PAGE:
Not that a stoic like Dan Henderson would look at this way, but those were some crazy f---ing circumstances he overcame on Sunday night in Natal, Brazil. Here was a 43-year old man who’d lost three fights in a row walking out in enemy territory in muggy 93 degree weather to fight Mauricio Rua, who by the way was hell-bent on revenge after all that turbulence in San Jose a couple of years ago.

Perhaps it was predictable that Shogun come out like a bull at Pamplona for ten solid minutes, goring Henderson with everything he threw at UFC Fight Night 38. Sunday was Shogun’s night, after all -- it was his party. Henderson was essentially knocked out at one point, and severely parted of wit on another. His "intelligent defense" was more theoretical than actual as he fished around for Shogun’s leg, trying to cling to something that might keep him from schlepping off towards his ancestors in Valhalla.

By the end of the second round, the game’s most famous chin was barely holding up. How much more punishment could Dan Henderson, a middle-aged man who woke up to the shouts of his cornermen to drop that "H-bomb" whenever he saw Rua flash that jab, take in this young man’s game?

Not much more. But he still had punishment to dish out.

Henderson coolly landed a clean, resounding short right cross that dropped Shogun where he stood on a clinch break in the third round. It was a spectacular knockout not only for how crisp it landed (think of his KO of Michael Bisping but in a phone booth), but for how sudden it turned the tables, and how arbitrary it made everything that stood before it. It cancelled out all things at once; from the tides of momentum going against him to the eulogies the writers were drawing up in his inevitable retirement to the decibel levels in Natal. A few of hammerfist follow-ups and Shogun was done.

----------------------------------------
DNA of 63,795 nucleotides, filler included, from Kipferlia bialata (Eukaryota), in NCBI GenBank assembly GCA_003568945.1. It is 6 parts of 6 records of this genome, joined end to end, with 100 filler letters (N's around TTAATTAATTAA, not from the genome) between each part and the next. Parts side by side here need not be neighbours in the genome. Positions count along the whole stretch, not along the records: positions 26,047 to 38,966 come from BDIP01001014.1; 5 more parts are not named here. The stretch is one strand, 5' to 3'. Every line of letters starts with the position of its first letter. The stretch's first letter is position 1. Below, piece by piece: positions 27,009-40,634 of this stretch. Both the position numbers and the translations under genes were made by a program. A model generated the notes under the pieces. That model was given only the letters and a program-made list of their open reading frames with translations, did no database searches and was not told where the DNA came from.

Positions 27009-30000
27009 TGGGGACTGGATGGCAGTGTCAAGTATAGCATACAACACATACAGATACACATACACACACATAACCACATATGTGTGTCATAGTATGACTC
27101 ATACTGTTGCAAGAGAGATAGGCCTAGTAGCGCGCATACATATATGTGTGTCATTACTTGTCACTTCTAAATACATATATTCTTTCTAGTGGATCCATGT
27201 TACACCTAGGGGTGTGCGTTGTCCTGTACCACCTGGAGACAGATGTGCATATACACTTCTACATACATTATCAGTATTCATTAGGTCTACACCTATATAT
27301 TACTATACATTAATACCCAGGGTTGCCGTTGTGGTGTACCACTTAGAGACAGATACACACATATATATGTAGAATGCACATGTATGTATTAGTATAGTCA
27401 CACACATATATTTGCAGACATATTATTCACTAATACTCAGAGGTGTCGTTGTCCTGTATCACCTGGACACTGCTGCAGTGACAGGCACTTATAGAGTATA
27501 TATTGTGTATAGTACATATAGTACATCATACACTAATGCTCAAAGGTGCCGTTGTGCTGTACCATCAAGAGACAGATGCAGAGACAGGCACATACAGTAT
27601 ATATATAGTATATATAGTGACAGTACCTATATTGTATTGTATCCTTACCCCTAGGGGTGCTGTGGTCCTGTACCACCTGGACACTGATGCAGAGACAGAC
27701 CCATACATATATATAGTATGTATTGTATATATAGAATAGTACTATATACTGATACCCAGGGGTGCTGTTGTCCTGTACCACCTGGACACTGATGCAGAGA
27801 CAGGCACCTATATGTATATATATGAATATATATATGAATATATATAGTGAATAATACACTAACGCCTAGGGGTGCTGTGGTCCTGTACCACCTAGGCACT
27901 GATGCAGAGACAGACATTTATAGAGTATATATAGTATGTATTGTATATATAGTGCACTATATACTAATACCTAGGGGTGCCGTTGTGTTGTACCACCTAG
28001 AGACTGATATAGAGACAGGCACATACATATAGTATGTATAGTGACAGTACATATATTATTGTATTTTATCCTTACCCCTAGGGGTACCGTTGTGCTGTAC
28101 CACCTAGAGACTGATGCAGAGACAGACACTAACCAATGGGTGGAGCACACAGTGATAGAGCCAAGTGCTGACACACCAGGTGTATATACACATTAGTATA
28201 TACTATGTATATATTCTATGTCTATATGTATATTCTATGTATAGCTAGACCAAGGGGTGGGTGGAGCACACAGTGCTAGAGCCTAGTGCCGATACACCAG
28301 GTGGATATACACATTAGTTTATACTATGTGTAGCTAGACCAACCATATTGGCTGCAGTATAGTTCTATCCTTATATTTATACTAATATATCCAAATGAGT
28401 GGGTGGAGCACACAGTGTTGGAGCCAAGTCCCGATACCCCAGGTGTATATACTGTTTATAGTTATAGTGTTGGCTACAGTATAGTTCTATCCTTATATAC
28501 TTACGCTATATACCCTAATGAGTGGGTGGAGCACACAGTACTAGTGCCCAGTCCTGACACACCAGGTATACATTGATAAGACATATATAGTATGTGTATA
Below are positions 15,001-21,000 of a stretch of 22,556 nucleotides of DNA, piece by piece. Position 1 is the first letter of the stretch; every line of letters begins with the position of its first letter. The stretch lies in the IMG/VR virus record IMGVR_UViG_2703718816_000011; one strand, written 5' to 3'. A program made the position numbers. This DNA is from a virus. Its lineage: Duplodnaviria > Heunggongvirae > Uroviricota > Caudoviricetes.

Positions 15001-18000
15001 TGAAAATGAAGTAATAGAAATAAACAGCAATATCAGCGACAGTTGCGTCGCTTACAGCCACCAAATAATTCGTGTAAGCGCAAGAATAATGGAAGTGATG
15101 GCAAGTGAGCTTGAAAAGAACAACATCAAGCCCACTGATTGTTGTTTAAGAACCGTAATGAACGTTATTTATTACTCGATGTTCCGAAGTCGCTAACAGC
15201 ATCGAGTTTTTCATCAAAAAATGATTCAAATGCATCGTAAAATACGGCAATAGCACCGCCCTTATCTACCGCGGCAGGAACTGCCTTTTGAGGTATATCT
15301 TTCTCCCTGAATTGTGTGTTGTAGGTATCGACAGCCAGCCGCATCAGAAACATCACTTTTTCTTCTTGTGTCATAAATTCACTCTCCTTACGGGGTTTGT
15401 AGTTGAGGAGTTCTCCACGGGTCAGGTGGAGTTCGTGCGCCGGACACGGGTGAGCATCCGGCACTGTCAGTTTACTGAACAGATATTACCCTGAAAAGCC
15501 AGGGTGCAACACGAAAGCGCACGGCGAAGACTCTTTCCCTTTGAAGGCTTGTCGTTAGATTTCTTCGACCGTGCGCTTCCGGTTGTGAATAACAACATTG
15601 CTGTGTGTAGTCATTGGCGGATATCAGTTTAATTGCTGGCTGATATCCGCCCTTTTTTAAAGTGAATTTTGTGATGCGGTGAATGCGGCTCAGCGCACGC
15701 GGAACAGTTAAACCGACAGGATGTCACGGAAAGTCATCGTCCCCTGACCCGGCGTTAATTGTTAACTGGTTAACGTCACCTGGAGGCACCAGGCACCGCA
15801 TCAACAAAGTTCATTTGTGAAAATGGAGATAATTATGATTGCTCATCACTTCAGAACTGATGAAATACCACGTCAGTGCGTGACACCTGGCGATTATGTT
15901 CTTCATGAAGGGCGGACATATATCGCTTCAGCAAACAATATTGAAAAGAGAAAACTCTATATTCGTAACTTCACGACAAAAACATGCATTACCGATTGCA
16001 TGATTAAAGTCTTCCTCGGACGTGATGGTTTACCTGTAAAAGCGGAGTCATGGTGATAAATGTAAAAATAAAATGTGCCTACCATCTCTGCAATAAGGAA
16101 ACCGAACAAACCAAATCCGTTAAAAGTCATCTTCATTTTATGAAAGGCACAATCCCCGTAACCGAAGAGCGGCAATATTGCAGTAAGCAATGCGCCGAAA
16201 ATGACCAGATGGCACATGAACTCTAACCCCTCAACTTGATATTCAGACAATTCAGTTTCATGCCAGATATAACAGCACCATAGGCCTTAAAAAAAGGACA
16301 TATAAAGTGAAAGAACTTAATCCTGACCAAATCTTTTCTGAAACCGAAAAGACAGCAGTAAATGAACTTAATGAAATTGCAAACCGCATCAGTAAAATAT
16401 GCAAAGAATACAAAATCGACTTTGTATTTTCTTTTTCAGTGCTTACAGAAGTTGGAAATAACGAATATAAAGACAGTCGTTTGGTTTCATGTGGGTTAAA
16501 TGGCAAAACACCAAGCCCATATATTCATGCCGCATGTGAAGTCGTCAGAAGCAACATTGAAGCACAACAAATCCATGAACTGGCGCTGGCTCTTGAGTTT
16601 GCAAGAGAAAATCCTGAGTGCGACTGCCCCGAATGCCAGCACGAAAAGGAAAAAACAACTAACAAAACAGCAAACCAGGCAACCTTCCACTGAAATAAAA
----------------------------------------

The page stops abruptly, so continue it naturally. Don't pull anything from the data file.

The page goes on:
Henderson, improbably, defied everything at once to score that victory.

"[Shogun] definitely dinged me a little bit," Henderson said in a classic Henderson understatement afterwards. "He definitely rang my bell in the first round also and again in the second. I just decided to be patient. I think I was a little too patient the first two rounds. I wasn’t very offensive. That third round we both decided to get after it and leave things where we left the last fight."

All of these things are of course what makes Dan Henderson a fight game marvel. It’s not just that he’s a quadragenarian in a twentysomethings game -- besides, his rap is that he takes potions (TRT) to better meet the playing field -- it’s that it’s like he doesn’t care all that much. He just shows up and tries to punch holes in the thing in front of him. Sometimes it’s Fedor Emelianenko. Sometimes it’s Rich Franklin or Wanderlei Silva. Sometimes it’s Mauricio Rua. And sometimes, like what happened his previous outing in Brazil, it’s Vitor Belfort, where he ends up the one getting asked what month it is.

Whatever. Henderson is sort of always an octave below the excitement level, totally even keel and thinking about some barbecue or other. He gets socked good in the first two rounds and is on the verge of collapse and says he was "dinged up." When he spits into a can it makes a sharp ping. This dude makes chaos feel casual, and that is a pretty neat trick.

Of course, the Shogun victory staves off the inevitable. Nobody’s going to demand Henderson walk away now, and, with a new UFC contract, he won’t. He’ll fight again, probably before his 44th birthday in August. There will be queries into the TRT to TNT exchange rate, particularly now that he was fought in the last bout where testosterone exemptions are to be doled out (at least in Brazil and Nevada).

But, then again, he put TRT aside for Rashad Evans in Winnipeg and didn’t get all bent out of shape about it. He lost, but didn’t issue too many excuses. You get the feeling he’ll show up one way or the other, and just sort of throw out an "it is what it is" when people press. There will be more Hendo fights one way or another. How many more, who knows, but his defiance as of Monday -- of age, of circumstance, of common sense -- knows no bounds.

And if Sunday night’s knockout of Shogun Rua ends up being his last good hurrah, he certainly made it a memorable one. Not that, you know, you’d ever catch Hendo using a word like hurrah.

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